“Sí, se puede!” (“Yes, we can!”) they chanted while standing at the top and bottom of the steep hill adjacent to the Plaza Fiesta parking lot on Buford Highway.
Hundreds of Hispanic and Latino people, many with small children, waved poster board signs, American flags and flags of their home country as cars drove past along the busy corridor, many honking in support. Three Chamblee Police officers parked their vehicles along the protesters to keep them from filing into the road.
Feb. 16 was a national “Day Without Immigrants” and hundreds of people lined up along Buford Highway, renowned for its immigrant population, as part of a grassroots movement to protest recent Immigration and Customs Enforcement arrests and President Donald Trump’s executive action targeting illegal immigrants for deportation.
Although no national group organized it, the grassroots campaign that called for people to stay home from work and school and to not buy make any purchases gained traction across the country and protests were reported in New York, Chicago, San Francisco and Washington, D.C.
Most of the businesses in Plaza Fiesta, a mostly Latino mall located in eastern Brookhaven at Buford Highway and Clairmont Road, closed to show solidarity with immigrants. Numerous other metro Atlanta restaurants and shops closing for the day were also reported.
“I support the cause,” said Luna Mora, 32, who attended the protest with her 12-year-old daughter, Yadi. “I want them to stop deportations and separation of families.”
Holding a sign that read, “Ni una mas” — “Not one more” — Mora said she was born in Georgia and lives in Doraville. She and her daughter have no fear of being arrested, but she said she knows of many people who fear deportation.
“I do feel for them,” she said. “This is all happening because of Trump’s election.”
Trump’s Jan. 25 executive order on immigration was followed days later by Immigration and Customs Enforcement raids in cities, including metro Atlanta, that led to hundreds of arrests, including nearly 90 in Georgia. ICE officials said the arrests were part of routine targeted operations to arrest undocumented people who have criminal records.
“These ICE operations target public safety threats, such as convicted criminal aliens and gang members, and individuals who have violated our nation’s immigration laws, including those who re-entered the country after being deported and immigration fugitives ordered deported by federal immigration judges,” said Bryan Cox, ICE spokesperson for the southern region, in a prepared statement.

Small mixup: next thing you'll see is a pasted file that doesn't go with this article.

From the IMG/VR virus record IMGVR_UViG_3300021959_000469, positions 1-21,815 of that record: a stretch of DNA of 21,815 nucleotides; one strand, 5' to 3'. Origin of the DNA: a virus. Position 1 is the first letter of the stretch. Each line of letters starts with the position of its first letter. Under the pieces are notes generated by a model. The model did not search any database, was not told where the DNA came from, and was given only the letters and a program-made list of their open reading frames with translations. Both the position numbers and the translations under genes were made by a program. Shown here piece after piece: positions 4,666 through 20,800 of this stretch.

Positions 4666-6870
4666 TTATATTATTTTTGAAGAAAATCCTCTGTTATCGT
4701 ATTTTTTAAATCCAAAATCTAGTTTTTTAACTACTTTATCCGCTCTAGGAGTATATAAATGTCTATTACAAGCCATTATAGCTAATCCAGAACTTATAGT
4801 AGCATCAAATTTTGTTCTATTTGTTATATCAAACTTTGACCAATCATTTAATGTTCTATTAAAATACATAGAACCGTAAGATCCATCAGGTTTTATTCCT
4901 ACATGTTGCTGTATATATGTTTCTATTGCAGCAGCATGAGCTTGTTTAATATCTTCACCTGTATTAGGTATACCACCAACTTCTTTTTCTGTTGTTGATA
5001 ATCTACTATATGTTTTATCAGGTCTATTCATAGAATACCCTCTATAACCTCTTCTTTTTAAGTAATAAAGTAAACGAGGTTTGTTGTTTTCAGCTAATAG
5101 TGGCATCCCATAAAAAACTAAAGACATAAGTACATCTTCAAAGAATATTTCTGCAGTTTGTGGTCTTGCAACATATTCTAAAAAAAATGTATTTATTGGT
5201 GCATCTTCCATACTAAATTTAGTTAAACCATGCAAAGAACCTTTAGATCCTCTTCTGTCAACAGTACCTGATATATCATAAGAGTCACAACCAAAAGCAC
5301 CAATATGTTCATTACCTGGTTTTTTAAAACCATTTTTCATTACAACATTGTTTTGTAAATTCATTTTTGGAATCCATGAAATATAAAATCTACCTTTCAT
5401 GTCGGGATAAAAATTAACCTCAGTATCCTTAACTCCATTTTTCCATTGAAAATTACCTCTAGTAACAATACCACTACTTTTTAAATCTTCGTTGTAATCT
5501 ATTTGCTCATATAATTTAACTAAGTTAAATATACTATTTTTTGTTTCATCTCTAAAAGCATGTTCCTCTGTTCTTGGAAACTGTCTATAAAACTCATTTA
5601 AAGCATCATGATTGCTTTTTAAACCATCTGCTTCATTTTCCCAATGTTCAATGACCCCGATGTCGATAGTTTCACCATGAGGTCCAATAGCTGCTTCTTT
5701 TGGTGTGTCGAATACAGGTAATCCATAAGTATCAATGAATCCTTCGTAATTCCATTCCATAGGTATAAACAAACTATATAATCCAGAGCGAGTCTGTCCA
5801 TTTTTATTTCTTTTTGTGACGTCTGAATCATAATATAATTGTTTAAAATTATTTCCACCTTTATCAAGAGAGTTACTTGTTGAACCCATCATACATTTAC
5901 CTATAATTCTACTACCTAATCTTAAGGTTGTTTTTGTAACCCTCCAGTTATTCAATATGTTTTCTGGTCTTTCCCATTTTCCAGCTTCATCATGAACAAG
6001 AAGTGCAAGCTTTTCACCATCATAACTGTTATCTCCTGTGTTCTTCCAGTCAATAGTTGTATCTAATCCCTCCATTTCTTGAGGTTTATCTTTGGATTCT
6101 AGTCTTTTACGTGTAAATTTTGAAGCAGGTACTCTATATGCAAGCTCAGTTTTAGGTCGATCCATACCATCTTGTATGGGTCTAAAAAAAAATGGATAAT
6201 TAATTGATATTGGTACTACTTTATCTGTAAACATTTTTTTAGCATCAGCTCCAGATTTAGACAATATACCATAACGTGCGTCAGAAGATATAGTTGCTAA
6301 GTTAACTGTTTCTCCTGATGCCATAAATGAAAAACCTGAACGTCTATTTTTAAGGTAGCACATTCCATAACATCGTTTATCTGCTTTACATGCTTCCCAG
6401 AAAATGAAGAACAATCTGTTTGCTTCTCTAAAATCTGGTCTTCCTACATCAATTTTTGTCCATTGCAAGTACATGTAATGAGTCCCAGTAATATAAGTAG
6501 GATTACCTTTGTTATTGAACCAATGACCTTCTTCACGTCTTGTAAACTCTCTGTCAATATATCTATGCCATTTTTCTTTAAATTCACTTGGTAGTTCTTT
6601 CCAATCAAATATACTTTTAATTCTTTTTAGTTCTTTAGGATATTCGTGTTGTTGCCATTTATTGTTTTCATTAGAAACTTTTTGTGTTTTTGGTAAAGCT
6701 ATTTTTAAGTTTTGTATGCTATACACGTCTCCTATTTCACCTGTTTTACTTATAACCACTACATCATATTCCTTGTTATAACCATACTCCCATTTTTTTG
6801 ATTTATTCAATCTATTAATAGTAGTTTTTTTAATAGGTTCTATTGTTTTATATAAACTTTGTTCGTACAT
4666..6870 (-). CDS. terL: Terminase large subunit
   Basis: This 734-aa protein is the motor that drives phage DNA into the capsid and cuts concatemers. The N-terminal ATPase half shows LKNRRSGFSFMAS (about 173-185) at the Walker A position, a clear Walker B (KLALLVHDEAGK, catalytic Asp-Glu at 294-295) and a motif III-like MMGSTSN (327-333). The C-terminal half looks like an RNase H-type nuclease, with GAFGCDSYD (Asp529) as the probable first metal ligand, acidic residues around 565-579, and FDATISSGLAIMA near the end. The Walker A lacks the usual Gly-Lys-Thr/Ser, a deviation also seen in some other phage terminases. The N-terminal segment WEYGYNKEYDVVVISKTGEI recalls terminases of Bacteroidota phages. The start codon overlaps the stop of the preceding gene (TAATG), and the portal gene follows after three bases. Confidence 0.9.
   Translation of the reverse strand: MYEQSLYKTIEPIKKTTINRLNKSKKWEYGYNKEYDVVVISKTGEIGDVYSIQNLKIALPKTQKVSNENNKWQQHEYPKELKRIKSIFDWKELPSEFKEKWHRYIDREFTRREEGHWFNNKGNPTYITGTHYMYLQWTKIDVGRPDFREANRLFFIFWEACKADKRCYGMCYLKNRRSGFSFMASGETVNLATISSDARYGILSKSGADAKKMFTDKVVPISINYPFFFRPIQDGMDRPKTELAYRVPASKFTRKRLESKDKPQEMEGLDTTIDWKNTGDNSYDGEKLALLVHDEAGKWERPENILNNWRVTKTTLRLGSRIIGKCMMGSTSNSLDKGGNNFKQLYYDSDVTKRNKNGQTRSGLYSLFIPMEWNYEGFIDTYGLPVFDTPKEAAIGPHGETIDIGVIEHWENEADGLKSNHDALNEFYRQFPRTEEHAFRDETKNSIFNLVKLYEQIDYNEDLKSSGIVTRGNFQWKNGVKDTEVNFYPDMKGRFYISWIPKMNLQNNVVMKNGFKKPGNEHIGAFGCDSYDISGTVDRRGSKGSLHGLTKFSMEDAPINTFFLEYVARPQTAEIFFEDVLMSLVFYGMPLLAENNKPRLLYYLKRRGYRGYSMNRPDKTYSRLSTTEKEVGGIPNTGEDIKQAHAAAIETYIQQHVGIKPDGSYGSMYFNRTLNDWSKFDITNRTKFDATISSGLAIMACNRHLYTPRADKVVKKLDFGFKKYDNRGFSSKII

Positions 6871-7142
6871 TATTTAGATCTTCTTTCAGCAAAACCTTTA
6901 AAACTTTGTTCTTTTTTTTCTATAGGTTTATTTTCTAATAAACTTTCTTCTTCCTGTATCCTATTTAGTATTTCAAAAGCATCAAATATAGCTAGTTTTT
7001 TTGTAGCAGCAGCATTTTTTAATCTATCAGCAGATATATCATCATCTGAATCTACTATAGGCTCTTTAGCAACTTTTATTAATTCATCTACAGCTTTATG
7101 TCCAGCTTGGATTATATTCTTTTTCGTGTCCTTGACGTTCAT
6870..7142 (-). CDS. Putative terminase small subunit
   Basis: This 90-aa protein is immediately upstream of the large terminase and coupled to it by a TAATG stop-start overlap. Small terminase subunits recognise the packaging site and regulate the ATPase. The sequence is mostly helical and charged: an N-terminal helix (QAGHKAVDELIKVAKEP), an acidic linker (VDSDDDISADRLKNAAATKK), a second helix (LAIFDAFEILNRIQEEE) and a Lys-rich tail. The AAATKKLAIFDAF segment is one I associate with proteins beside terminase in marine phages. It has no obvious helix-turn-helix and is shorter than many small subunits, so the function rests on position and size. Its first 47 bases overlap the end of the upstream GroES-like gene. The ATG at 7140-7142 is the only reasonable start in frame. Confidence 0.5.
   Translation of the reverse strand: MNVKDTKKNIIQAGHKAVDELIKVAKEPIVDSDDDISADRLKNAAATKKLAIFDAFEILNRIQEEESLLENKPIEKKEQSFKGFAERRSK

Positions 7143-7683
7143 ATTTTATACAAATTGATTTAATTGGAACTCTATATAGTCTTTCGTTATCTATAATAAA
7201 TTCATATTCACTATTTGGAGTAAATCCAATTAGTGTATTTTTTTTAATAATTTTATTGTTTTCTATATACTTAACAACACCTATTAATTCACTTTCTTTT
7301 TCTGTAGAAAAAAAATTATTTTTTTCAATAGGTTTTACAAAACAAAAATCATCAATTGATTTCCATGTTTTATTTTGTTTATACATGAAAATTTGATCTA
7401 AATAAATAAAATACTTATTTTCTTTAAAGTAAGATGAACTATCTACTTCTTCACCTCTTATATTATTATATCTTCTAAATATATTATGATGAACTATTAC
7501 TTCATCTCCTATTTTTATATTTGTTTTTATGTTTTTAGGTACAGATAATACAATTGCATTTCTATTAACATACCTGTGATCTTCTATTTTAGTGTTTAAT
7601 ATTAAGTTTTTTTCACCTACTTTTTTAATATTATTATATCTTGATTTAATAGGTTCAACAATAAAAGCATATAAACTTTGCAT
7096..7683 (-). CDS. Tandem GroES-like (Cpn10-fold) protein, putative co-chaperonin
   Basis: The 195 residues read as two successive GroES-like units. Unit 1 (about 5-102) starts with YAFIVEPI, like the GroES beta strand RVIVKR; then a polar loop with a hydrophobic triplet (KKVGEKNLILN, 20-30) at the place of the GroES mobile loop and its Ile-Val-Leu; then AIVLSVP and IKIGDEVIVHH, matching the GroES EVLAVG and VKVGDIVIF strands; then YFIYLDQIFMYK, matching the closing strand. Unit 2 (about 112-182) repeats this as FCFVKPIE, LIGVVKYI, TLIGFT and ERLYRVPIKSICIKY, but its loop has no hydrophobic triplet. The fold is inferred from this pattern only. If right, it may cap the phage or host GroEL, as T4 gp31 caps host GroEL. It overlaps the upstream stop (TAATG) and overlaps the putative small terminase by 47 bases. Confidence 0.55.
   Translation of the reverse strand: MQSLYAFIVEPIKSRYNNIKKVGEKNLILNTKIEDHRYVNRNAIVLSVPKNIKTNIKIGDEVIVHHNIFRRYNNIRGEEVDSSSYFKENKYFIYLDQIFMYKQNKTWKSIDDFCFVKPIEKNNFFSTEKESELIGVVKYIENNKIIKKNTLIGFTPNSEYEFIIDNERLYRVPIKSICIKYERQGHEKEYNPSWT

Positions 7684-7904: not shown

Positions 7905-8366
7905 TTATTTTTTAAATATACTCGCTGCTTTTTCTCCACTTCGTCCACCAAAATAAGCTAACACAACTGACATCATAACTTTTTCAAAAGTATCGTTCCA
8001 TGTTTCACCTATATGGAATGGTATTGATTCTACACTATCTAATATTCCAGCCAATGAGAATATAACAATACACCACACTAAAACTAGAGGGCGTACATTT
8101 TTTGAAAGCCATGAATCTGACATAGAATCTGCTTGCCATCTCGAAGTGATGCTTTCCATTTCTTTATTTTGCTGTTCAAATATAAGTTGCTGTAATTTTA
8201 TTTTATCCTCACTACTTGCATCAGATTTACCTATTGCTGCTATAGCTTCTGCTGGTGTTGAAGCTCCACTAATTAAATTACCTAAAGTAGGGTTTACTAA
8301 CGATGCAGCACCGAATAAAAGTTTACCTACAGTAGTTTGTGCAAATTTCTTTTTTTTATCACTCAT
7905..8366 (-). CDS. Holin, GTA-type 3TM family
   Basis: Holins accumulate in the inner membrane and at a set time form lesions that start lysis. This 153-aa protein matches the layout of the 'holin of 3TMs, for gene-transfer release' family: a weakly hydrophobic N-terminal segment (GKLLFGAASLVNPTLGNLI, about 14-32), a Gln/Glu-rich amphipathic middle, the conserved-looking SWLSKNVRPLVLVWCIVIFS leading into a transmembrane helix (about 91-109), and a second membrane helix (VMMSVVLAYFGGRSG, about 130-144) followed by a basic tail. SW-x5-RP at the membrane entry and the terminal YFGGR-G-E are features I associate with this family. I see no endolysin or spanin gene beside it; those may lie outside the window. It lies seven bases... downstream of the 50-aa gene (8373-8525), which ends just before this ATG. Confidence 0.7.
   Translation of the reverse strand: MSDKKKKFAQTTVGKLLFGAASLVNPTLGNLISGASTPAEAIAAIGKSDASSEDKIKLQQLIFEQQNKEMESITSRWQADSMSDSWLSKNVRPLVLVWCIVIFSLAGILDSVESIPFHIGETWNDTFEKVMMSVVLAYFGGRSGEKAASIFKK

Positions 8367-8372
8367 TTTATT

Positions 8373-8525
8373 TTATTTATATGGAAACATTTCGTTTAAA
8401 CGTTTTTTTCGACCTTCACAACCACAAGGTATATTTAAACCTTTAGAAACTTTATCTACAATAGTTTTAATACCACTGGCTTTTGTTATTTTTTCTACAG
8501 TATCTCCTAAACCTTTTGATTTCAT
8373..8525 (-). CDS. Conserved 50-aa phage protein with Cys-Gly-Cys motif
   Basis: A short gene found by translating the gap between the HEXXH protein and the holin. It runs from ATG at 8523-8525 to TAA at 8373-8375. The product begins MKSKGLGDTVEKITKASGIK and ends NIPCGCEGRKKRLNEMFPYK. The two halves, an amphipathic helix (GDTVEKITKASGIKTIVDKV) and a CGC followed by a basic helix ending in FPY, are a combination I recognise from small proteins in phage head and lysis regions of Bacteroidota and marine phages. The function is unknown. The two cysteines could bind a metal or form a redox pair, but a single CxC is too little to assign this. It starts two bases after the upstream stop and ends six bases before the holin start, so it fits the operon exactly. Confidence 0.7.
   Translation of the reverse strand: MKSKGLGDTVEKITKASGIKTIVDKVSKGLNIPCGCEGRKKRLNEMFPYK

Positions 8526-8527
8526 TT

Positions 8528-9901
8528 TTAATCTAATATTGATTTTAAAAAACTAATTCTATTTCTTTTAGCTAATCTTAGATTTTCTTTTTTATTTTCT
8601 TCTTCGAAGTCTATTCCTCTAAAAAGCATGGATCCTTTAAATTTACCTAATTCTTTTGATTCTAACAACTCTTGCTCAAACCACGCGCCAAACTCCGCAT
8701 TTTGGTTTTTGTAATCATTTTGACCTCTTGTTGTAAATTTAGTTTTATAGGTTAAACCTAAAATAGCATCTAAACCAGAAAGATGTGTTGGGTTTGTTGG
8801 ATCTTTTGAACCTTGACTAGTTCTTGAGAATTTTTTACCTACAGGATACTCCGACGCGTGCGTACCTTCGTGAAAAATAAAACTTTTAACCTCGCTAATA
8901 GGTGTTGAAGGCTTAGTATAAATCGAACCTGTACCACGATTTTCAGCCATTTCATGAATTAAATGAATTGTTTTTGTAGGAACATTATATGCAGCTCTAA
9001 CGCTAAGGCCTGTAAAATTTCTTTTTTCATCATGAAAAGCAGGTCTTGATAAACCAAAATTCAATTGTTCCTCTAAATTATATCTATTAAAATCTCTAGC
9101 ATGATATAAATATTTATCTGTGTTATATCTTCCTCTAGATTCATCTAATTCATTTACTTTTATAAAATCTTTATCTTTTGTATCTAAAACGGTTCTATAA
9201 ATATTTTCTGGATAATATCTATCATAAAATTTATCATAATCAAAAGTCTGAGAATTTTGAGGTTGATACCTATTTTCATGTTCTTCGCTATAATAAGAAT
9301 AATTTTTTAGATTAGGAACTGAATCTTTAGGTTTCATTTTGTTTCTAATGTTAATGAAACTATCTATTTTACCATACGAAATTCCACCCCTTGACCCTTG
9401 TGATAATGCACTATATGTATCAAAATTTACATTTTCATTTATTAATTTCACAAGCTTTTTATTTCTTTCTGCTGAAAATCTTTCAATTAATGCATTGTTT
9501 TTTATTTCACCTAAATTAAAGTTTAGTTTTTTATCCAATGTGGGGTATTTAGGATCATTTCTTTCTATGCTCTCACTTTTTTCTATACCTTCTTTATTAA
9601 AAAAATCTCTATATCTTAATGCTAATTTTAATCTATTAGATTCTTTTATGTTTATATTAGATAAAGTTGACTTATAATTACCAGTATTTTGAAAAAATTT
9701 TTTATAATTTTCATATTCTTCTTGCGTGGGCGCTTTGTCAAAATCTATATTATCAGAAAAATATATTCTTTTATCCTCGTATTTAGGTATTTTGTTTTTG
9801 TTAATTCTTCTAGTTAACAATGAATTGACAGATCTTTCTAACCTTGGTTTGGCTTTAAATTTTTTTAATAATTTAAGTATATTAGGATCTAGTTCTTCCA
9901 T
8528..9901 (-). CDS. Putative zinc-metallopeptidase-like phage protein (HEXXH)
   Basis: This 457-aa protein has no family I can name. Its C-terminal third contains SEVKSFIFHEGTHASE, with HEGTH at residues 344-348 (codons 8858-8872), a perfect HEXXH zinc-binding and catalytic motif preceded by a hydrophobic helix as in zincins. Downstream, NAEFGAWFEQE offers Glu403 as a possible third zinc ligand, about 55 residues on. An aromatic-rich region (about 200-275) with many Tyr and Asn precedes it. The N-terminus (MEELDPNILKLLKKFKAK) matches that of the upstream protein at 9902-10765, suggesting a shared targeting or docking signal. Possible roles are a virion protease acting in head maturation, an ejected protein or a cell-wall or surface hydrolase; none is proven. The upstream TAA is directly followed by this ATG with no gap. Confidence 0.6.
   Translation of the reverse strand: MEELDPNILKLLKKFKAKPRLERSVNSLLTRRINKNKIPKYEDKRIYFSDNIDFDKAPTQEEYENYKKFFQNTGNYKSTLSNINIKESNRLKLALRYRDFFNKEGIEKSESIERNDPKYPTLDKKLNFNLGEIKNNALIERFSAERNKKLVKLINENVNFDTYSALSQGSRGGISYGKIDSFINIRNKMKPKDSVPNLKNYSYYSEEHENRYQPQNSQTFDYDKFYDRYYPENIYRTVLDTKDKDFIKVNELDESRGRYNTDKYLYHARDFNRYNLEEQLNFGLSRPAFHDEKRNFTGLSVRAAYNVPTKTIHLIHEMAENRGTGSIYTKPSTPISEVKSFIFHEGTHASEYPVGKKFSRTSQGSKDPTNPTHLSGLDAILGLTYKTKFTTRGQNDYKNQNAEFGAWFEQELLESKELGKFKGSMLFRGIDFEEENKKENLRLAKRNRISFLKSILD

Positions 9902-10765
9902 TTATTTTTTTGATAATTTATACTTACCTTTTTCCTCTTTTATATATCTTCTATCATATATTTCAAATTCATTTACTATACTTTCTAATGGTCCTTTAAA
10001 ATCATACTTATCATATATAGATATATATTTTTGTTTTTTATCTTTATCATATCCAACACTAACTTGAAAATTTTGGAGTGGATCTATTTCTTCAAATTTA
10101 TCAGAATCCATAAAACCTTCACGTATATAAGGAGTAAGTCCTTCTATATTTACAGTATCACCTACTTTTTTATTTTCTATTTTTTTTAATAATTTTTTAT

However, the metro Atlanta Mexican consulate stated Feb. 16 that three of the 21 Mexican nationals arrested last week in Brookhaven, Norcross, Savannah, Moultrie, Duluth and Augusta did not have criminal records.
Manuel Rivera stood in the bed of his Toyota Tundra truck parked under the Plaza Fiesta sign and shouted into a microphone, leading the crowd into chants while blasting music from a large speaker.
“I don’t have papers, but I have a business,” said Rivera, who is from El Salvador. He has has lived in the U.S. for decades and now runs a furniture store on Buford Highway in Doraville.
“All my customers are immigrants. If there are no immigrants, I don’t have business,” he said.
Cross Keys High School student Nicole Herranz, 16, whose family is from Brazil, said she brought a group of other students with her to take part in the protest. She said she found out about the “Day Without Immigrants”and organized others to attend the rally on Buford Highway.
“I decided if I was going to skip school, I should do something important,” she said. “I support the movement.”
DeKalb County Schools Superintendent Stephen Green issued a statement, urging parents to send students to school despite fear caused by the recent ICE arrests.
“In light of recent events and social media comments, we stand firmly by our original statement that our schools will be safe places for learning and teaching,” Green said in the statement.
“We are aware that there are National Day Without Immigrants protests planned for Thursday, February 16, across the country. Classroom attendance is essential to student achievement,” Green said. “Therefore, we respectfully ask parents and guardians to make sure your children attend school to benefit from instruction and avoid an unexcused absence. We appreciate the support of our parents and guardians on this matter.”
Photos by Dyana Bagby